CleanMyMac X review: Tune-up Mac app hampered by its malware detection

CleanMyMac X is MacPaw’s catch-all software crud and gunk
remover for the Mac. This version swings for the fences, with
new features such as a malware scanner, extensions manager, and
a universal updater for all of your application programs. This
is in addition to CleanMyMac X’s core functions, which include
tools for smart cleanup, system junk, mail attachments, iTunes
junk, trash bins, a large and old files scanner, privacy
scanner, and application uninstaller.

cleanmymaxxmenubar IDG

CleanMyMac X’s new menu bar menu.

CleanMyMac X is also complimented by an improved menu bar menu
that can be clicked to take note of handy information such as
available hard drive space, available RAM, network connectivity
speed, CPU usage, and a quick means of opening your Dropbox
account. An improved Notification system lets you know which
programs are lagging or suspended, but isn’t as obtrusive as
seen in previous versions of CleanMyMac.

As with previous versions, the modules work well, and users can
either performed generalized, overarching system scans or
embrace a fair degree of customization and specify what they
want looked into and to what extent. CleanMyMac X has built on
its core strengths of finding gigabytes of assorted crud—cache
files, unused language files, and duplicate files—to clear up
room at a speedier pace than previous versions.

Handy modules

New modules such as Extensions and Updater come in handy. With
the Extensions module (which almost harkens back to Mac OS 9’s
Extensions Manager), you can quickly manage extensions without
having to dive too deeply into the macOS. The applications
updater, in turn, provides a quick means of finding every
application you have and updating them on the fly, which
becomes almost addictive in its ease of use and functionality.

As with CleanMyMac 3, the Large & Old Files module helps you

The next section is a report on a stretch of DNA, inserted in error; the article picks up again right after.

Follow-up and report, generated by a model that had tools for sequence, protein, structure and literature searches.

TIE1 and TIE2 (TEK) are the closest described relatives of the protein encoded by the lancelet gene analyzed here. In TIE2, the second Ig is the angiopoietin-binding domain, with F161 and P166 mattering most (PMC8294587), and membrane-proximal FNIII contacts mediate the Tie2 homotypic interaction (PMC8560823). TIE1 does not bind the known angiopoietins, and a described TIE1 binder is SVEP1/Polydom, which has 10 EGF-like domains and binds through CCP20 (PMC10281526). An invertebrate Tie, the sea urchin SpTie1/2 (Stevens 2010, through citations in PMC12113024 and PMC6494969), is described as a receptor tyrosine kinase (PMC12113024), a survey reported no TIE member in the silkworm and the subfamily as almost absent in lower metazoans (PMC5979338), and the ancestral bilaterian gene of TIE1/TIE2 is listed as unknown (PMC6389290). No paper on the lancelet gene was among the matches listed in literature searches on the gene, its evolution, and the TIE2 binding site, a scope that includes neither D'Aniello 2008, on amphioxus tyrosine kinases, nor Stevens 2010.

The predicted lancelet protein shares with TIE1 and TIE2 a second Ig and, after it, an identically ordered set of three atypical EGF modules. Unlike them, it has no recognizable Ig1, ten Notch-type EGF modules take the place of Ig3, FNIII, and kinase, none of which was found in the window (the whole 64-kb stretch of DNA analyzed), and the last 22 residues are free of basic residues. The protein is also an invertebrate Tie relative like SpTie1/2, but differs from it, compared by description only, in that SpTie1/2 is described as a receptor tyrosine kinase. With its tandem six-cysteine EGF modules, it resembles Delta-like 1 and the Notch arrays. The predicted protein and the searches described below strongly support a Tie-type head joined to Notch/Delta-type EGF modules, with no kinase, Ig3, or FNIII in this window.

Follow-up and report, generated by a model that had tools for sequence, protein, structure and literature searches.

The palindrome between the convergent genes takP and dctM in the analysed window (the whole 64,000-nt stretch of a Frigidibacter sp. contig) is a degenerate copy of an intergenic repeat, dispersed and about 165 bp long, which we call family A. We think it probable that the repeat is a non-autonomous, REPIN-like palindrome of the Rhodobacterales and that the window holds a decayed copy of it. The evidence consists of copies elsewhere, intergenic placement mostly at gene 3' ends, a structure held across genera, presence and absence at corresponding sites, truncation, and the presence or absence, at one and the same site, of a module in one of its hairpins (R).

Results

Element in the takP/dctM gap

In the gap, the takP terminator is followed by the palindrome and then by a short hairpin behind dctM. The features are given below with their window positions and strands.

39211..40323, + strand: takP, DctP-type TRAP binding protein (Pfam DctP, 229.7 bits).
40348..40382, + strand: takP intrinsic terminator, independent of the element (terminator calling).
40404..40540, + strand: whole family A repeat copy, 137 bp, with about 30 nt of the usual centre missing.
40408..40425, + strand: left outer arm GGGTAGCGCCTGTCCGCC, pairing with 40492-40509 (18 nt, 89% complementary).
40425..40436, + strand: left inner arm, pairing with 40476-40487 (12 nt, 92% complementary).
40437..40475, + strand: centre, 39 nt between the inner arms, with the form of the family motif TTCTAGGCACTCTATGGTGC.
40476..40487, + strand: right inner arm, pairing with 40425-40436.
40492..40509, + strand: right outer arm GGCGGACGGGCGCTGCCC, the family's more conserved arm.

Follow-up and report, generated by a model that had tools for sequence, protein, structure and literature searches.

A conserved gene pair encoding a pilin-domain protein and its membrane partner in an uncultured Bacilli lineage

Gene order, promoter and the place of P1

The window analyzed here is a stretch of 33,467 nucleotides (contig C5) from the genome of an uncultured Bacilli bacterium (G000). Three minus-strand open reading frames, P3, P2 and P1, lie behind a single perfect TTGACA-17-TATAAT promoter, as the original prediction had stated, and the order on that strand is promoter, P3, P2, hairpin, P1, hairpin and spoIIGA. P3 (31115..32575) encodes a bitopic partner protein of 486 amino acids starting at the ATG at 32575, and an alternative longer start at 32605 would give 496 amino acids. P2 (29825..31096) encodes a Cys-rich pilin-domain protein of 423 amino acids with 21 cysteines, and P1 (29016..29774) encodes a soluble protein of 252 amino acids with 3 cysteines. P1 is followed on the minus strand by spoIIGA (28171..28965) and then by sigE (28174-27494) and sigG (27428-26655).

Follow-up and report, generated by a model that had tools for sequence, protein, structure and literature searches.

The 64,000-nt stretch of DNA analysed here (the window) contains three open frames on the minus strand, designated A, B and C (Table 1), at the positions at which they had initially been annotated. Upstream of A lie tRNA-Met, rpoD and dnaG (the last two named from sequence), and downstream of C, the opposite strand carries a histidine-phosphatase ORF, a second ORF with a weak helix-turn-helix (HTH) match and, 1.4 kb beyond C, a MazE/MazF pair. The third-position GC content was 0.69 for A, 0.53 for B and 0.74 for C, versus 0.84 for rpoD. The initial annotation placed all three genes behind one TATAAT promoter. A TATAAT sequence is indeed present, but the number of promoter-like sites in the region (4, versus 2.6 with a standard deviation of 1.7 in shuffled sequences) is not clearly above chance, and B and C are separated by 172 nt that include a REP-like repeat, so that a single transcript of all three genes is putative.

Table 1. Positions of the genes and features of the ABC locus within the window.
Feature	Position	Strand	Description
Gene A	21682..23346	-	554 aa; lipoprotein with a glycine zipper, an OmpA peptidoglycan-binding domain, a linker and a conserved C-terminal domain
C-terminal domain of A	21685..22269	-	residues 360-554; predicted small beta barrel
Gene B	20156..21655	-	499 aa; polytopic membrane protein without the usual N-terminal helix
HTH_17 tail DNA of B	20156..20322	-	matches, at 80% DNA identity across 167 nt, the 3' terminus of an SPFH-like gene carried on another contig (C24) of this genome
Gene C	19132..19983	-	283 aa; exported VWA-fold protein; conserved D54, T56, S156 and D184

quickly see what files are devouring the most space on your
hard drive and quickly erase them at will. This pairs well with
the Uninstaller module, which helps you quickly locate your
application programs and erase them as well as their support
files to rid them from your Mac forever.


The Large & Old Files module.

All this combines with a decent new Maintenance module, which
offers an assortment of system-level clean up scripts (Free Up
RAM, Run Maintenance Scripts, Flush DNS Cache, Speed Up Mail,
Rebuild Launch Services, Reindex Spotlight, Repair Disk
Permissions) to help free up resources. The effort is
appreciated, but free utilities such as Titanium Software’s Onyx have historically done
this better with more modules and customization.

Malware module

Unfortunately, the Malware module is where things fall apart.
Over the course of days of testing, I installed several pieces
of known Mac malware and adware on a MacBook Pro running macOS
10.14.1 Mojave. These samples included MacKeeper, assorted
free-and-questionable video players, and entirely questionable
utilities that purport to speed up your Mac yet historically
find “infections,” change your web browser and search engine
preferences, activate the speaker to tell you that your Mac has
been corrupted, and advise you to call an 800 number where a
technician can help resurrect your computer for a fee.

Upon running CleanMyMac X’s Malware module, which claims to be
able to find and clean out malware with confidence, the module
missed every beat, locating none of the malware or adware and
happily reporting back that my Mac was clean, devoid of malware
and ready to go. I used a free version of Malwarebytes
to locate the malware, quarantine it, delete it, reboot my
MacBook Pro, and ensure that the malware was gone.

cleanmymacxmalware IDG

The Malware module reported a clean sheet during testing,
despite the fact that we purposely installed known malware
on the test platform. 

This presents an enormous problem and unless MacPaw improves
upon the malware module, this feels like you’ve opened the
gates to malware and adware on your Mac if you’re only using
CleanMyMac X for protection. MacPaw says that they are working
on an update to address this issue.

CleanMyMac X retails for $39.95 for a one-year subscription for
a single user and $89.95 for a one-time payment for a single
user with the MacPaw store offering different purchase tiers
depending on licensing needs. The software is available
in a trial version, which lets you run as many scans as you
want, clean up to 500MB of system junk, and run assorted tools
a limited number of times.

Bottom line

CleanMyMac X has a fair amount going for it, especially in
terms of its speed, new modules, and improved user interface,
and it could represent a significant step forward for the
program. Sadly, the Malware module seems to be where MacPaw has
shot itself in the foot and will need to spend a number of
caffeine-fueled evenings fixing this in a forthcoming update.
Still, this doesn’t have to be an absolute deal breaker, and,
if coupled with a focused malware utility such as Malwarebytes,
CleanMyMac X does offer its own advantages with its core
advantage of removing gigabytes upon gigabytes of system junk
in tact and worth consideration.

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